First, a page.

Counterparties: Hoard of directors

April 1, 2013

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Of the 27 million Americans working part-time jobs, very few land positions that pay $488,709. That’s the average annual pay for a director at Goldman Sachs, Susanne Craig writes:

Some of the firm’s 13 directors make more than $500,000 because they have extra responsibilities… Goldman’s board is the best compensated of any big American bank and the fifth-highest paid of any company in the country… Some of its rivals are not that far behind. The nation’s biggest banks paid their directors over $95,000 a year more on average in 2011 than what other large corporations paid.

A Goldman spokesman notes that director compensation is increasing because of the firm’s rising share price, but that fails to address the size of the initial equity award. As Felix has noted, the best way to pay directors is to emulate how Warren Buffett does it, giving them “a modest four-figure sum”.

Despite (or because of) their exorbitant compensation, oversight from directors at US banks was largely nonexistent in the run-up to the financial crisis. Now banks insist that because of increased legal risks and time requirements, largely resulting from the financial crisis their boards did little to mitigate, they have to pay top dollar to attract qualified directors. But the caliber of bank board members is hardly awe-inspiring. Take JP Morgan: none of the directors on the board’s risk committee has worked at a bank or as a financial risk manager.

It’s not just bank boards that have problems. James Stewart details just how hard it is to get rid of directors, even after they’ve made boneheaded decisions. Despite running the company like a “tawdry reality TV show”, with disastrous financial results, each member of the HP board was re-elected last month. HP isn’t an isolated case, either. Stewart cites statistics from Institutional Shareholder Services showing that of 17,081 director nominees at US companies, only 61, or 0.36%, failed to get support from a majority of shareholders last year.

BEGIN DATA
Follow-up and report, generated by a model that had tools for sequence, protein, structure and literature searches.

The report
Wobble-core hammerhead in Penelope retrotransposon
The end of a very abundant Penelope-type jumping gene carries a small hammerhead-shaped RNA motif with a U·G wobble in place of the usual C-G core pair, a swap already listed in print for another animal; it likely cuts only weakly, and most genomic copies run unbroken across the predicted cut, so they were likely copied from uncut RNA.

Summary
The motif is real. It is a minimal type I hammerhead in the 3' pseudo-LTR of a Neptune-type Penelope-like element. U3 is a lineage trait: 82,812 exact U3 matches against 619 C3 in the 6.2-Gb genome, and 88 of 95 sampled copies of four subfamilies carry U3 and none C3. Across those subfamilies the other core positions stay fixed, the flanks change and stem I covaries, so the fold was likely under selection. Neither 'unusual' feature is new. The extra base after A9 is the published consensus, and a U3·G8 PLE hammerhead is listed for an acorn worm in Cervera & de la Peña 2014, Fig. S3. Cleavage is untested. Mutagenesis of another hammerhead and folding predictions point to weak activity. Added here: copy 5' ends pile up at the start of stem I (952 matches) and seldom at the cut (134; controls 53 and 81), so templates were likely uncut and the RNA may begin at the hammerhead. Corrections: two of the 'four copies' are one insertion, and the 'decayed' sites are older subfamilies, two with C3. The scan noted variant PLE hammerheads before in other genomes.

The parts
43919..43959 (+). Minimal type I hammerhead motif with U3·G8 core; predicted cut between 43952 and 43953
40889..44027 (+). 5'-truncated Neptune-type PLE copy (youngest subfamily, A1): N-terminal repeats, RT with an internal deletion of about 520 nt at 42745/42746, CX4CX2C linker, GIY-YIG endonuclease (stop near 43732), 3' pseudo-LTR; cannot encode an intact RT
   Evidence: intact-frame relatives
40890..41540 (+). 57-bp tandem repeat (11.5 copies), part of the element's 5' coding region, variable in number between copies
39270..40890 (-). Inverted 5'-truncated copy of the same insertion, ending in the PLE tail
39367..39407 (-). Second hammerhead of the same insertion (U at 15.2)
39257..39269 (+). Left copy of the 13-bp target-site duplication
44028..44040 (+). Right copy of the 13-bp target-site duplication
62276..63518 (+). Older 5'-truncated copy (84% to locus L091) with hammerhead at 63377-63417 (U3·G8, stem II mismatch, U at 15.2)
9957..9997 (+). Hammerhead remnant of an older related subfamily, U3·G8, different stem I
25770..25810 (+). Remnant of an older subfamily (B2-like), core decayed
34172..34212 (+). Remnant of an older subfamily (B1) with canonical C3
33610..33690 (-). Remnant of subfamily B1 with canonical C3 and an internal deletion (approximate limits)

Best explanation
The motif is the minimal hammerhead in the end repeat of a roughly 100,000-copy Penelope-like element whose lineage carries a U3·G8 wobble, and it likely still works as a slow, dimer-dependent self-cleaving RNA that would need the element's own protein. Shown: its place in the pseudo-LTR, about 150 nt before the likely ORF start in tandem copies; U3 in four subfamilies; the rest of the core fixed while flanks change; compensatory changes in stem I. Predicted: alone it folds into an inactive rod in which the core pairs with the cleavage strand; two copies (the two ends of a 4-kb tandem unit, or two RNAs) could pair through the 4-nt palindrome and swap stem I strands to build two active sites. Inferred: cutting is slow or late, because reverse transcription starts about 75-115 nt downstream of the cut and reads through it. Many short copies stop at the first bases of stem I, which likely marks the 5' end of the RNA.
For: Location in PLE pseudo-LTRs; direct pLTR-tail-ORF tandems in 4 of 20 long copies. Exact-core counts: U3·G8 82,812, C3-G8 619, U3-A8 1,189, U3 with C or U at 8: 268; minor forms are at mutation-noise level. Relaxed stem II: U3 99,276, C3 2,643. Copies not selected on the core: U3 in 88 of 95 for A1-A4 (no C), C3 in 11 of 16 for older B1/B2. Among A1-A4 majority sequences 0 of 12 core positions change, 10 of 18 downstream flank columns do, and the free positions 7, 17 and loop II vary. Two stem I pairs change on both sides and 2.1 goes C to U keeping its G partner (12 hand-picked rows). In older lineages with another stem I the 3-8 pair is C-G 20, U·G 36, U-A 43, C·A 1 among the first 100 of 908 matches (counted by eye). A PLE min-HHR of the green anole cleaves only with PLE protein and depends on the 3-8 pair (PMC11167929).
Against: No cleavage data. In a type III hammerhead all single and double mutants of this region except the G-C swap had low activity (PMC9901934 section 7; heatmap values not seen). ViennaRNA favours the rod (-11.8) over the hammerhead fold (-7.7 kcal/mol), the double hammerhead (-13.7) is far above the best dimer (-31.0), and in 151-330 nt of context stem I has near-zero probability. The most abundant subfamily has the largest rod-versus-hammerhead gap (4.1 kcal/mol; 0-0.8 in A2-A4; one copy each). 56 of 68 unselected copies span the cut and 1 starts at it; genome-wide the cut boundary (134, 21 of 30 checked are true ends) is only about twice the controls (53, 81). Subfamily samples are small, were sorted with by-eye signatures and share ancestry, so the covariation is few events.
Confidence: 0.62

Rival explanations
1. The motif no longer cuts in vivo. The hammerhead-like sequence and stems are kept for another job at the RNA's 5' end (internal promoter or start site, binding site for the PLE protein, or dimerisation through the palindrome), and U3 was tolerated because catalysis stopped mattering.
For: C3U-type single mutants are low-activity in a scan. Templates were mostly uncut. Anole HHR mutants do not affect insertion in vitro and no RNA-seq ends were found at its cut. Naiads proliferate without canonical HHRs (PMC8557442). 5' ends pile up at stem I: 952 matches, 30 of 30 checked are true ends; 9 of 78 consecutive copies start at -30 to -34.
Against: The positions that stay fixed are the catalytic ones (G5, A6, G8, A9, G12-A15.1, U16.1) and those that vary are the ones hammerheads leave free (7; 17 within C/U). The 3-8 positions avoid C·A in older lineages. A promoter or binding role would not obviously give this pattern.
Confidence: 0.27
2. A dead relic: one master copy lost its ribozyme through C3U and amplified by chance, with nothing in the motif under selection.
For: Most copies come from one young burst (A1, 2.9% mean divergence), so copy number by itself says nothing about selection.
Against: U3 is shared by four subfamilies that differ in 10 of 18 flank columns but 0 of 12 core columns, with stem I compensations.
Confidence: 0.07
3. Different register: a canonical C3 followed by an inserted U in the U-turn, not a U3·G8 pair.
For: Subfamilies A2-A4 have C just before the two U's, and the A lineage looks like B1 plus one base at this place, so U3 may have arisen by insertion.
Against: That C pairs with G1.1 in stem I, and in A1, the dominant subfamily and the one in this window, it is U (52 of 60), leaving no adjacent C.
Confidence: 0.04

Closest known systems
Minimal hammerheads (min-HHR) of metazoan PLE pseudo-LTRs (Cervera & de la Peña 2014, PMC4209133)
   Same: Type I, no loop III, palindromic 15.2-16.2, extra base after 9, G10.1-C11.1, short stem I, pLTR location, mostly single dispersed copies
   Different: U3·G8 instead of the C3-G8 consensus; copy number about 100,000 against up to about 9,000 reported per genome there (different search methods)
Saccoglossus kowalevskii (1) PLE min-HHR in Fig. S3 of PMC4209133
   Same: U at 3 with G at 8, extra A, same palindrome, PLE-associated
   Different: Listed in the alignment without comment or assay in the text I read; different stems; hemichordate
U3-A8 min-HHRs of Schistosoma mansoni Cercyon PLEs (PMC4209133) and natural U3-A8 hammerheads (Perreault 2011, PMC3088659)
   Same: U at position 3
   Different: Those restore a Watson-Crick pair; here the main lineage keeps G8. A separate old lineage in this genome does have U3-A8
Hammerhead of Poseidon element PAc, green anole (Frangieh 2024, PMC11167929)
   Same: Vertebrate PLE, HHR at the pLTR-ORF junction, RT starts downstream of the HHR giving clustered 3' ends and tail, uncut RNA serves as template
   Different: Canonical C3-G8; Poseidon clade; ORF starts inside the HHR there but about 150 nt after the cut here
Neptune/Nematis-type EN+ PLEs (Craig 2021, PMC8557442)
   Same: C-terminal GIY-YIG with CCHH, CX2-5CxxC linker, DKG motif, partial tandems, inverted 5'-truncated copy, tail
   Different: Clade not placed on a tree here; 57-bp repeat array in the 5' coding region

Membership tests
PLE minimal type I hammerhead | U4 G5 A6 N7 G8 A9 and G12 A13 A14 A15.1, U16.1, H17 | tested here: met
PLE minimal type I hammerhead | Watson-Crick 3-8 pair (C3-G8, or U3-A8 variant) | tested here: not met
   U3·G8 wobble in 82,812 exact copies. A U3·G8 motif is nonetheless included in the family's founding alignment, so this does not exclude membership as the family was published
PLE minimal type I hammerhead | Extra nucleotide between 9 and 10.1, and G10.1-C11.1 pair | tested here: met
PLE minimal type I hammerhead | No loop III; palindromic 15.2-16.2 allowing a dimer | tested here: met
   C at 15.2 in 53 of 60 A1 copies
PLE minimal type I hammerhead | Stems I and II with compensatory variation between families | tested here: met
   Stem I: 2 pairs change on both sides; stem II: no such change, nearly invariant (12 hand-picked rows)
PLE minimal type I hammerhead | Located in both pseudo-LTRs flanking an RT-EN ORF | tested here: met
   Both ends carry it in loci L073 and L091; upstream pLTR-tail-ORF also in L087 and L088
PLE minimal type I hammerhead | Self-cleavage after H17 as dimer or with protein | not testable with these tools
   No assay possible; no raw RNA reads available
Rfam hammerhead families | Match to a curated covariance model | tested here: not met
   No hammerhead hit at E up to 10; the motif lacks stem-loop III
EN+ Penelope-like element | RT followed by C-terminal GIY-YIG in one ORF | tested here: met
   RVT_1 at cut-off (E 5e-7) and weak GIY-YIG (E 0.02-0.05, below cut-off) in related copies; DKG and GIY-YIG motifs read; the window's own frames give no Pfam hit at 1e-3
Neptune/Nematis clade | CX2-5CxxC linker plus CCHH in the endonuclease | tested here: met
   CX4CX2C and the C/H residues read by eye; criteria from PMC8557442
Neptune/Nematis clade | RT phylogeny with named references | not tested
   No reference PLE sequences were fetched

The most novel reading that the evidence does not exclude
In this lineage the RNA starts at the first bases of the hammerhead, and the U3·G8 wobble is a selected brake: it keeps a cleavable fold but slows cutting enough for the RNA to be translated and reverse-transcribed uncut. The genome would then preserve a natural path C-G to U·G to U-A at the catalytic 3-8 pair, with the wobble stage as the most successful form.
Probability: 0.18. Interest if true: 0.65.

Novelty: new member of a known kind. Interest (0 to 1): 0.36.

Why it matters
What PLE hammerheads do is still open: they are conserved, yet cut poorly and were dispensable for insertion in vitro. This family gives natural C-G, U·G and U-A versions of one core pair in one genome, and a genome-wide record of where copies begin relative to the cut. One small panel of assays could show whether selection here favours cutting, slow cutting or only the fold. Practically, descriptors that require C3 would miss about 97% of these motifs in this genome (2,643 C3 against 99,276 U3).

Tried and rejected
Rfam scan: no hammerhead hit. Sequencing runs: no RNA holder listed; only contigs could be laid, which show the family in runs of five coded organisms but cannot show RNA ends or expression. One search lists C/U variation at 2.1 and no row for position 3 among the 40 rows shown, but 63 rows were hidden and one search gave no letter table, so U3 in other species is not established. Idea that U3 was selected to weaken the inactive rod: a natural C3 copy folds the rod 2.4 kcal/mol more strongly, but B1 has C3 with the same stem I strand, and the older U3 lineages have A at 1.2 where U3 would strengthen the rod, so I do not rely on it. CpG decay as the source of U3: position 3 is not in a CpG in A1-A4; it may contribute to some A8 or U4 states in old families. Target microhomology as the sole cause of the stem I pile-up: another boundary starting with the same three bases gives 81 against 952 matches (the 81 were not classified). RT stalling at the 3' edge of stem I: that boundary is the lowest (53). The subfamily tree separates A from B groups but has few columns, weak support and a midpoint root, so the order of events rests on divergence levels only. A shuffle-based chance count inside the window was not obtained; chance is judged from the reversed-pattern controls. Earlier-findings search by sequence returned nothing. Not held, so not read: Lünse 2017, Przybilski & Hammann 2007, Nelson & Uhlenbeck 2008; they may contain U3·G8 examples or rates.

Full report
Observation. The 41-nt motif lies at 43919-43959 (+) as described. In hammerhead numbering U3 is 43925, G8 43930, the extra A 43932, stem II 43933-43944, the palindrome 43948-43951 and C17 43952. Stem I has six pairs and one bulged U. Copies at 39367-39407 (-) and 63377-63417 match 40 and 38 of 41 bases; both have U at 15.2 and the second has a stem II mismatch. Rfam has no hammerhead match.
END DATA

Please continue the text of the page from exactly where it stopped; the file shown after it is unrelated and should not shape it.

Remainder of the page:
Barclays’ new chairman, David Walker, is trying to make his pay more defensible: he’ll be working at least four days a week to overhaul the board he leads, albeit on a $1.17 million annual salary. Walker is at least committing to do more than dial-in to the odd conference call, and show up to vote yes on management’s decisions once a quarter. Working more is the other way to make your work-to-pay ratio more defensible. — Ben Walsh

On to today’s links:

The Fed
Why we should thank the Fed for crushing savers – James Surowiecki

EU Mess
Why the Euro is doomed in four steps – Matthew O’Brien

Popular Myths
“There’s simply no statistical evidence of a broader renaissance” in US manufacturing – WSJ

Annals of gender diversity, Pimco edition – Felix

5 dumb mistakes for investing in the QE era – WSJ
Only 30% of SAC’s AUM comes from outside the firm – Katie Benner

The “meme hustler”: A lengthy attack of one of the web’s most prominent evangelists – Evgeny Morozov

The simple, boring reason why disability insurance has exploded: demographics – Brad Plumer
Why you should care about a divergence in two main inflation indicators – Greg Ip
The remarkable persistence of US economic growth, 1790-present – Conversable Economist

The housing market is coming back — but it’s still hard to get a new mortgage – Nick Timiraos

Online journalism “a bad business so far”, say slideshow manufacturers – Choire Sicha

Oliver Blanchard’s 5 lessons for economists from the financial crisis – WSJ

Corporate Largesse
Regulatory filing of the day: Wynn pays for an execs’ $9.3 million house renovation – Footnoted

Board members spending more time being board members, board members report – WSJ

Steve Jobs’ first boss: “Very few companies would hire Steve, even today” – Mercury News

New Normal
There are 284,000 American college graduates working in minimum-wage jobs – WSJ

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